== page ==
He was to gain worldwide attention for his novel Things Fall Apart, published in 1958. His style relies on the Igbo oral tradition and combines straightforward narration with representations of folk stories, proverbs and oratory.
As the father of African Literature, Achebe plays the special role of suggesting the basic values of the society, reconciling Africans with their past and their present culture in times of crisis. Achebe popularised the African novel and became a literary institution in his life time, especially to the younger generation.
His epochal “Things Fall Apart” was a response to Joyce Cary’s 1939, 198-page Mister Johnson which portrayed the average Africans as barbaric, cultureless and and object of servitude. Achebe himself saw Cary’s portrayal of the African in the book as superficial hence his resort to Things Fall Apart. Joseph Conrad’s Heart of Darkness that presents Africans as savages and harped on savagery, barbarism, exploitation, cruelty and the like also patronised and demonized the continent, to Achebe’s ire.
In an article on The Role of the Writer in a New Nation, Achebe sought to correct the prejudices which generation of detractors created about the black race, then more popularly known as negro. He gave priority to the fundamental theme that African people did not hear of culture for the first time from the Europeans; that their societies were not mindless but frequently had philosophy of great depth and value and beauty; that they had poetry and, above all, dignity. With Things Fall Apart, he established that Africa had marriage systems, sports, farming, religion, mathematics, philosophy and means of dispensing justice long before the white man came around.
Achebe, in another article titled Where Angels Fear to Tread, called on critics to apply to African writers the same stringent standard of literary criticism with which they judged other writers. In yet another article, The Novelist as a Teacher, he posited that African writers should help Africans believe in themselves and put away the complexes of the years of denigration and self abasement.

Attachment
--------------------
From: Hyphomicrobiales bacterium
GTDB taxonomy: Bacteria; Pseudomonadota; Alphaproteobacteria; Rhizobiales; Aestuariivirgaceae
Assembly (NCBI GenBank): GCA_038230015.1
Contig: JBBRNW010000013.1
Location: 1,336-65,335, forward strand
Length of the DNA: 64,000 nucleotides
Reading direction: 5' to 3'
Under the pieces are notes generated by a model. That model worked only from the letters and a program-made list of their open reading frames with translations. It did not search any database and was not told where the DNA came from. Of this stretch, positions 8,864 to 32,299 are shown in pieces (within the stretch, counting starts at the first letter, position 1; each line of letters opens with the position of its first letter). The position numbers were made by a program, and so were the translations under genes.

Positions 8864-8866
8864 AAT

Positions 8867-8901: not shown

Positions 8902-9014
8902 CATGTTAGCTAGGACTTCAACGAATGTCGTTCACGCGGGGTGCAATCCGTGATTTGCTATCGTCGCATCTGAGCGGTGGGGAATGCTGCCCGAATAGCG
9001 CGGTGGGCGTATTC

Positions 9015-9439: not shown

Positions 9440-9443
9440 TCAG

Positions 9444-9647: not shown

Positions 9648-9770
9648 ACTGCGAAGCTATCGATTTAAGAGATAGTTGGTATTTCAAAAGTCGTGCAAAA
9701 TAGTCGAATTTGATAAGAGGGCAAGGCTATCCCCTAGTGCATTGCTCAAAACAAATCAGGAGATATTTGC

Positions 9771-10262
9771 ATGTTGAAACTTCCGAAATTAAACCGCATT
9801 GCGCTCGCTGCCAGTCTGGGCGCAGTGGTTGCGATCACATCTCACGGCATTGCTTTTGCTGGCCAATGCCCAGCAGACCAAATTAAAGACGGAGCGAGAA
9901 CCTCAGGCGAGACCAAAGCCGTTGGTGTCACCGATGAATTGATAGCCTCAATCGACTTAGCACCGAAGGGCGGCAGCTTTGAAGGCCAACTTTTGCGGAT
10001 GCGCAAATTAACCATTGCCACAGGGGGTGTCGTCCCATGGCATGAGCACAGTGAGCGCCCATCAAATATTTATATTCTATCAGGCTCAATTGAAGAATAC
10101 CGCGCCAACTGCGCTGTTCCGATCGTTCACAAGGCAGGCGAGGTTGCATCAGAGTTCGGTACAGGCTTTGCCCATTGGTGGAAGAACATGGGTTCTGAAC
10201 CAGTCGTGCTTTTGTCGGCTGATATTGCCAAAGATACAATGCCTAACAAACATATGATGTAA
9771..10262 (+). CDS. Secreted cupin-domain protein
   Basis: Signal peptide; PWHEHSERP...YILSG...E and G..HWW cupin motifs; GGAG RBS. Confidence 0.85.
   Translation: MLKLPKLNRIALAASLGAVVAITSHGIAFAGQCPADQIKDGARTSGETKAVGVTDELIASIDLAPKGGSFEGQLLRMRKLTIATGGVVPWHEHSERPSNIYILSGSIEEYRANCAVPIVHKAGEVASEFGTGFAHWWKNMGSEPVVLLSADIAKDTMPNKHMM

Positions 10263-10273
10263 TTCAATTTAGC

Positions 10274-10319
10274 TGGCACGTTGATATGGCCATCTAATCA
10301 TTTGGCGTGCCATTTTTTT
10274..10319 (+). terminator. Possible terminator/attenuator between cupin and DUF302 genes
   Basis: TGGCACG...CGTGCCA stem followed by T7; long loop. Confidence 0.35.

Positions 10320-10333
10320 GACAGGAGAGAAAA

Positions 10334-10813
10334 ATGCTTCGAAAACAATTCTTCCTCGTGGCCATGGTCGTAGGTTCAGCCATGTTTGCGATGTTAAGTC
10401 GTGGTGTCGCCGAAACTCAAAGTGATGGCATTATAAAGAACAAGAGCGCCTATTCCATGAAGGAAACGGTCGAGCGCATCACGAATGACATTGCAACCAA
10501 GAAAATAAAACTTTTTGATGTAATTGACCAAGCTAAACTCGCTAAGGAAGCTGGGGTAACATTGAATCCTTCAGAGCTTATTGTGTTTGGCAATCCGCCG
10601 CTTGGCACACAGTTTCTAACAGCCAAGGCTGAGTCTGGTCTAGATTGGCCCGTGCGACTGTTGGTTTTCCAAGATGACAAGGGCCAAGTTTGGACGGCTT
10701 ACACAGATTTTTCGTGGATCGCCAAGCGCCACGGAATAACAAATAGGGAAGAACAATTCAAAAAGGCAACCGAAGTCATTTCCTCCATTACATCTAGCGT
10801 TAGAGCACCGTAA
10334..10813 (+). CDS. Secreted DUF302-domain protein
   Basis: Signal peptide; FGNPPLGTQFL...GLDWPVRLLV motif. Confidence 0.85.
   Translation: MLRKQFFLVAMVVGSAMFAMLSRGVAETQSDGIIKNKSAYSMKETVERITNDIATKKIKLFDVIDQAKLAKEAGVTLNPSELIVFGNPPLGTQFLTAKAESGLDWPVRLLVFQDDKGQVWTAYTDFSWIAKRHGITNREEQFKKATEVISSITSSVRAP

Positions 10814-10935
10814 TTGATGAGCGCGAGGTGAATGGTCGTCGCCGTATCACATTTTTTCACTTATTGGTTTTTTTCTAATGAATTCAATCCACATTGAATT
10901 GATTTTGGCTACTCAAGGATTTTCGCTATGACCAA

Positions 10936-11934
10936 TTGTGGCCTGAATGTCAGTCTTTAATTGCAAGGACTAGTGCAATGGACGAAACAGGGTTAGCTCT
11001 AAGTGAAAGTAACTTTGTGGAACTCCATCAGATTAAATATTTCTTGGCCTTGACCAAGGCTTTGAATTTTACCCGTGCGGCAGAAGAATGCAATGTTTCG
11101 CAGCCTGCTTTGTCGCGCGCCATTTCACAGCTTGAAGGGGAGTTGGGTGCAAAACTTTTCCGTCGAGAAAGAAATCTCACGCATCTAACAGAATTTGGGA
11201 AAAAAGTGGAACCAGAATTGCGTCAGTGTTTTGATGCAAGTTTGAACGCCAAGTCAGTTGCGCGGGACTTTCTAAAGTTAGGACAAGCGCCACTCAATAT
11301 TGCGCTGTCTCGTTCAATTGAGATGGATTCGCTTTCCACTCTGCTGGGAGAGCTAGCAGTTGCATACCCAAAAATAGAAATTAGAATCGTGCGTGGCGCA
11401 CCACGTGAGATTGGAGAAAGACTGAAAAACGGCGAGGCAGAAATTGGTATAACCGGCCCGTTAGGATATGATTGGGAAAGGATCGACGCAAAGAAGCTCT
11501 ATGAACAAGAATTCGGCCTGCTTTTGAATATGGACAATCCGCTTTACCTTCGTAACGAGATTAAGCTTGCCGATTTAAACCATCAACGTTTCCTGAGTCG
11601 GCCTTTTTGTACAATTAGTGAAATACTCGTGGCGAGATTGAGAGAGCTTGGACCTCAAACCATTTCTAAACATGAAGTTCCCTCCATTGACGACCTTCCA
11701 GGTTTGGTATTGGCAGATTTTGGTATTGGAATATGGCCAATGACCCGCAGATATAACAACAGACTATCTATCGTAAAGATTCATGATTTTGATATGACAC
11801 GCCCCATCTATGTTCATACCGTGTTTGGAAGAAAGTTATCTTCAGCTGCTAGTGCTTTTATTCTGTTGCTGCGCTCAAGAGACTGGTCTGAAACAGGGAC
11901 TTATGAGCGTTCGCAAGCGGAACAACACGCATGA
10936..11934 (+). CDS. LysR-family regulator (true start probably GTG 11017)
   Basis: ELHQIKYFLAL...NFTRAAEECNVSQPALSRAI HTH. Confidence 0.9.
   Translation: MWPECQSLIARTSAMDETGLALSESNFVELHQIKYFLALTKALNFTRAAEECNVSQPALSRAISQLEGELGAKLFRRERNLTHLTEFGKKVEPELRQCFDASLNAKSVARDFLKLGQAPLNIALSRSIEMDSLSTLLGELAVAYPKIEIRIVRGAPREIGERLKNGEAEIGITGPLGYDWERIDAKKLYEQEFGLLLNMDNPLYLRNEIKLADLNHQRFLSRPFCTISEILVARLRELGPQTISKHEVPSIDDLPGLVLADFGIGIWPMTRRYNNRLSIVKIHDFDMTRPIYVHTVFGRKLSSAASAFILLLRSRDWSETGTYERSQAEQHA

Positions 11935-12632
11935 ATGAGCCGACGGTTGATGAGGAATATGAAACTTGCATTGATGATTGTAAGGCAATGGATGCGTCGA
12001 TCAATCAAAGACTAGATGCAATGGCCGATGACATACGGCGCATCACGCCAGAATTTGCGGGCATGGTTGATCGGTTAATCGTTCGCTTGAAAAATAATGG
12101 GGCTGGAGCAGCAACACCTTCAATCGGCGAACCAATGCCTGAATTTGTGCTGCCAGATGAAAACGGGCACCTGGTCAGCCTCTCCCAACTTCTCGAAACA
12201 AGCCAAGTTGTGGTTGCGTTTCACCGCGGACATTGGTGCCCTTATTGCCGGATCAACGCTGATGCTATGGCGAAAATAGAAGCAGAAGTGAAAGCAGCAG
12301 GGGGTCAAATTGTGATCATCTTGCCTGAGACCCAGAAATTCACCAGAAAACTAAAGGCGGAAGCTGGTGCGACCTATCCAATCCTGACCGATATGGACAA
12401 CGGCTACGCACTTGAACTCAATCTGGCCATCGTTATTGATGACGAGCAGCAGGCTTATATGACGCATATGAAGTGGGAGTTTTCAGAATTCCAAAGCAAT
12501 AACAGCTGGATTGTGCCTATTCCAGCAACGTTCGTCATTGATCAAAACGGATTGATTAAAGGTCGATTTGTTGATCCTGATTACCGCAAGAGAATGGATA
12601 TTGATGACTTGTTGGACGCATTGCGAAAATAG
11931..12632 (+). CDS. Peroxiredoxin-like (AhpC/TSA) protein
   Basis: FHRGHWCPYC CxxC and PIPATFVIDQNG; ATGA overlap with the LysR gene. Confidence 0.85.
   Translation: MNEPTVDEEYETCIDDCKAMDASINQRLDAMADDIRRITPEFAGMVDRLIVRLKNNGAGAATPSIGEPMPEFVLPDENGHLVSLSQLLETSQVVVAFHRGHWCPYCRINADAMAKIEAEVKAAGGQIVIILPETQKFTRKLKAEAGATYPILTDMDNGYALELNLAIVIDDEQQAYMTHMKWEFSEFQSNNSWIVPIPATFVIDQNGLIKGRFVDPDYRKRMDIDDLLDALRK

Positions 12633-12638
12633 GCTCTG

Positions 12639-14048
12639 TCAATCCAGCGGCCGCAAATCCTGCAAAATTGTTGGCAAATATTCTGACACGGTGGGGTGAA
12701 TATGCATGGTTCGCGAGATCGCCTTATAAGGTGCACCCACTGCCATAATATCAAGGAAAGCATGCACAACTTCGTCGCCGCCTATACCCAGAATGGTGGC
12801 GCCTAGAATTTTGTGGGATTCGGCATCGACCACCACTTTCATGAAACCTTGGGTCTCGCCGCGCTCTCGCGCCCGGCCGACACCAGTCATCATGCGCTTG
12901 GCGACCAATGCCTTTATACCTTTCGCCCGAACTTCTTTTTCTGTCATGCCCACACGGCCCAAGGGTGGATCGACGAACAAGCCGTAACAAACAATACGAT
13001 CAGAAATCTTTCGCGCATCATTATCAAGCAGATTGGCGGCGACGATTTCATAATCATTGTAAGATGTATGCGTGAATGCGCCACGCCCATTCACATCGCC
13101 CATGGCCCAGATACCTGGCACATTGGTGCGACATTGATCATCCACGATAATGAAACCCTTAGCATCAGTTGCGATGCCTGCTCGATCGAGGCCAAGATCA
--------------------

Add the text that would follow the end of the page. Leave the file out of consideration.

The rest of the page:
Achebe’s A Man of the People portrays the period of disillusionment, disenchantment, hopelessness and betrayal of one among Africa’s political elite that took over from the colonial masters.
The clash of culture in Achebe’s Arrow of God leads to the destruction of the god and his priest as well as the disintegration of the community.
Rising in defence of African Literature, Achebe explained that African writers should aim to use English in a way that brought out their message best without altering the language to the extent that its value was lost.
In order to extricate Africans from the cultural slumber and dogmatic unreflective passive existence to active participation in shaping their own and asserting the truth of their being and world, Achebe began to protest in his writings so as to bring back African identity. It is no doubt that Chinua Achebe has shown in his archetypal novel, Things Fall Apart that Africans were producers of culture and not its consumers.
He was able to establish that African culture was not inferior as the westerners were wont to believe. Achebe, who also wrote many other books, is now an institution and most African writers that write in his style are known today as sons of Achebe.
As a literary pundit, Chinua Achebe, has demonstrated that novels are written as a phenomenon of cultural vindication of Africans from historical skepticism which relegated them to the back seat of cultural train.